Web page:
An absolute Conservative commitment to an EU referendum

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You can choose whatever name you like for the two types of government. I personally call the type of government which can be removed without violence “democracy”, and the other “tyranny”. — Karl Popper

Before the Lisbon Treaty, I had no interest in being an MP. That Treaty was introduced to sidestep democratic rejection of the near-identical EU Constitution: I saw democracy dying at the hands of fanatical advocates of European political integration.

Previously, I thought it was enough to vote Conservative and get on with life. The Lisbon Treaty was the final straw. You can find my posts about it dating back to November 2007 here. All my posts on the EU may be found here.

I was pro-EU throughout the years prior to 2007 and I am still pro-European. I believe in voluntary economic and social integration — that’s the way to peace and prosperity — but political intervention always creates conflict and political integration is unacceptable without democratic consent. Without a public mandate, forced political institutions are dangerous and illegitimate. That’s why I want a referendum and that’s why I oppose the EU: as I explained here, it’s a counterproductive institution.

That’s why I am delighted a cause which once required rebellions to pursue will now enjoy the support of the Conservative Party on a three-line whip. Today, the Conservatives published a draft Bill that would legislate for an In-Out referendum in the next Parliament. You can read the one page Bill here. The draft question is:

Do you think that the United Kingdom should remain a member of the European Union?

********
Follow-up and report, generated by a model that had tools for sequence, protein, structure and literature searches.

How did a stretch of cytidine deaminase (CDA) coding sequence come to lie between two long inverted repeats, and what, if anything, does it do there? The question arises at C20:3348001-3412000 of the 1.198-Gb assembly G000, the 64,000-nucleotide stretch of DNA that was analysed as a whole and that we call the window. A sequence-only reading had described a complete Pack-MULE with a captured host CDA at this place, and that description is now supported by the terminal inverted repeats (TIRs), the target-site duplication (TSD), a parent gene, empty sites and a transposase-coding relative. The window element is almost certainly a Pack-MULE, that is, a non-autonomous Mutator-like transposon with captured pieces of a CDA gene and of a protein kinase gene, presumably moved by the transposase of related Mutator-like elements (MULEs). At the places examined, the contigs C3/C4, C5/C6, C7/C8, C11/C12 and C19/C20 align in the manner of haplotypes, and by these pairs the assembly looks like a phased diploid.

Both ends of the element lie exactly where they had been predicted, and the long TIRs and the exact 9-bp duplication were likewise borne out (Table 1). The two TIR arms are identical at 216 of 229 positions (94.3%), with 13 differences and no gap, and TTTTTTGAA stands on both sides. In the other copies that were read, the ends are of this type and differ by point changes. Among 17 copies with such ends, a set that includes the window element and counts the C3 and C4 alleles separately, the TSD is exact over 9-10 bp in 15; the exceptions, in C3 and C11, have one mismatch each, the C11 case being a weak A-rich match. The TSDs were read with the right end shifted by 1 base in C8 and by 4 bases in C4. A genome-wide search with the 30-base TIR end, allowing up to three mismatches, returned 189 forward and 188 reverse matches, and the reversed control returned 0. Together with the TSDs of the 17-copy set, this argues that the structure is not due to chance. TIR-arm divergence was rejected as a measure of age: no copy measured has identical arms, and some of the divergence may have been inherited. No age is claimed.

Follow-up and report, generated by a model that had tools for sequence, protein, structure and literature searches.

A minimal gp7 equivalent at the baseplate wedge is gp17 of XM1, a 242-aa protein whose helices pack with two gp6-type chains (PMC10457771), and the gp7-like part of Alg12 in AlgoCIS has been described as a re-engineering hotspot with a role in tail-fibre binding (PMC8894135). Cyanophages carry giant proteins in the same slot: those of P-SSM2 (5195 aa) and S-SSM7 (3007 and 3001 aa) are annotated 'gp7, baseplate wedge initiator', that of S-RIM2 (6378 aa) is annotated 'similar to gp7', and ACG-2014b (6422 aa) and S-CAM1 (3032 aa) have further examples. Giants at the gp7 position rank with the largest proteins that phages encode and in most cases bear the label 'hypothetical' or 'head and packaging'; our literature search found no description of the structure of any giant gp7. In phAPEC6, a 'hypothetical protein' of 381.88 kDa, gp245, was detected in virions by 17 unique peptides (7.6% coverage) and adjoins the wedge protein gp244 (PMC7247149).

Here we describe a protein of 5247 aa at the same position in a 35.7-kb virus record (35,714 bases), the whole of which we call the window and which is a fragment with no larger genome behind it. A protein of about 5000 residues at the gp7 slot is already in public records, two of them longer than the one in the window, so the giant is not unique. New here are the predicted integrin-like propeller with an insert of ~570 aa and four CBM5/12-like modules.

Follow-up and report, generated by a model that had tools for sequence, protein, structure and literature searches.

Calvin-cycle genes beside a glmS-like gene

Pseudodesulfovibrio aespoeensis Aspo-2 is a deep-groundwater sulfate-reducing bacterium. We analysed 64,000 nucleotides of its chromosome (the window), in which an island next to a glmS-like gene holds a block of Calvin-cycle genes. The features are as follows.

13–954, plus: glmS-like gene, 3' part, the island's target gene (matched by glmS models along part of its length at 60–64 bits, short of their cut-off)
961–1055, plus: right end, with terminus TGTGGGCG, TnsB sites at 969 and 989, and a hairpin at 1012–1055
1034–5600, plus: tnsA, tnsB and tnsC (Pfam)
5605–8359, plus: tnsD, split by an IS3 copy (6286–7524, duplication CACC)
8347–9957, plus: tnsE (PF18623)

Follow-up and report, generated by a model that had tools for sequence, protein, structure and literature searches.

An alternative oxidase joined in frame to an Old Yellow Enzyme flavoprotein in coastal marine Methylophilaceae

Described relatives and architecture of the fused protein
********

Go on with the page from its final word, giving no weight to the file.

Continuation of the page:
Commenting on the Bill, Grant Shapps, Conservative Party Chairman said:

We’ve set out our position and published this Bill to give the British people an In-Out referendum on Europe. Now it’s vital to hear whether Labour and the other parties are actually prepared to trust the British public to decide our future relationship with Europe.

And William Hague, the Foreign Secretary, said:

David Cameron has said if he is Prime Minister, there will be an In-Out referendum in the next Parliament and that in this Parliament, we will look at all options to underline the fact that our commitment to the referendum is absolute.

The Prime Minister has made it clear that he would pursue a renegotiation strategy prior to the referendum. The referendum would be for membership on new terms or exit.

Debate will rage. One thing is certain: everyone who wants a referendum on our membership of the European Union should vote Conservative. I look forward to supporting James Wharton MP and my Party in progressing this Bill.

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Comments & Responses

3 Responses so far.

  1. Ian Mulder says:

    I’ve had a look at the draft bill here

    It speaks only about the holding of a referendum. It says nothing about the outcome: for example whether the result is to be determined by a simple majority.

    More importantly it does not mention whether the Government will be bound by the result, if it’s “Yes”.

    Can you please as my MP obtain some clarification on these vital points?

    For comparison, the AV referendum act describes the Government’s commitment to act in the event of a yes vote.

    One wouldn’t expect detailed plans and timescales for getting out of Europe. But one would expect that the Government agrees to be bound by the result.

  2. Sue says:

    Not good enough! We want one at the same time as the EU – MEP election. Those voted in can start the Article 50 process off and sort out our exit. Both Merkel and Barroso have said they will avoid a treaty change at all costs. They even give the reason as “unwanted referendum being called throughout Europe”.

    You will not win the next election, especially with Cameron at the helm. Pick someone who is genuinely Eurosceptic and above all, HONEST ABOUT IT.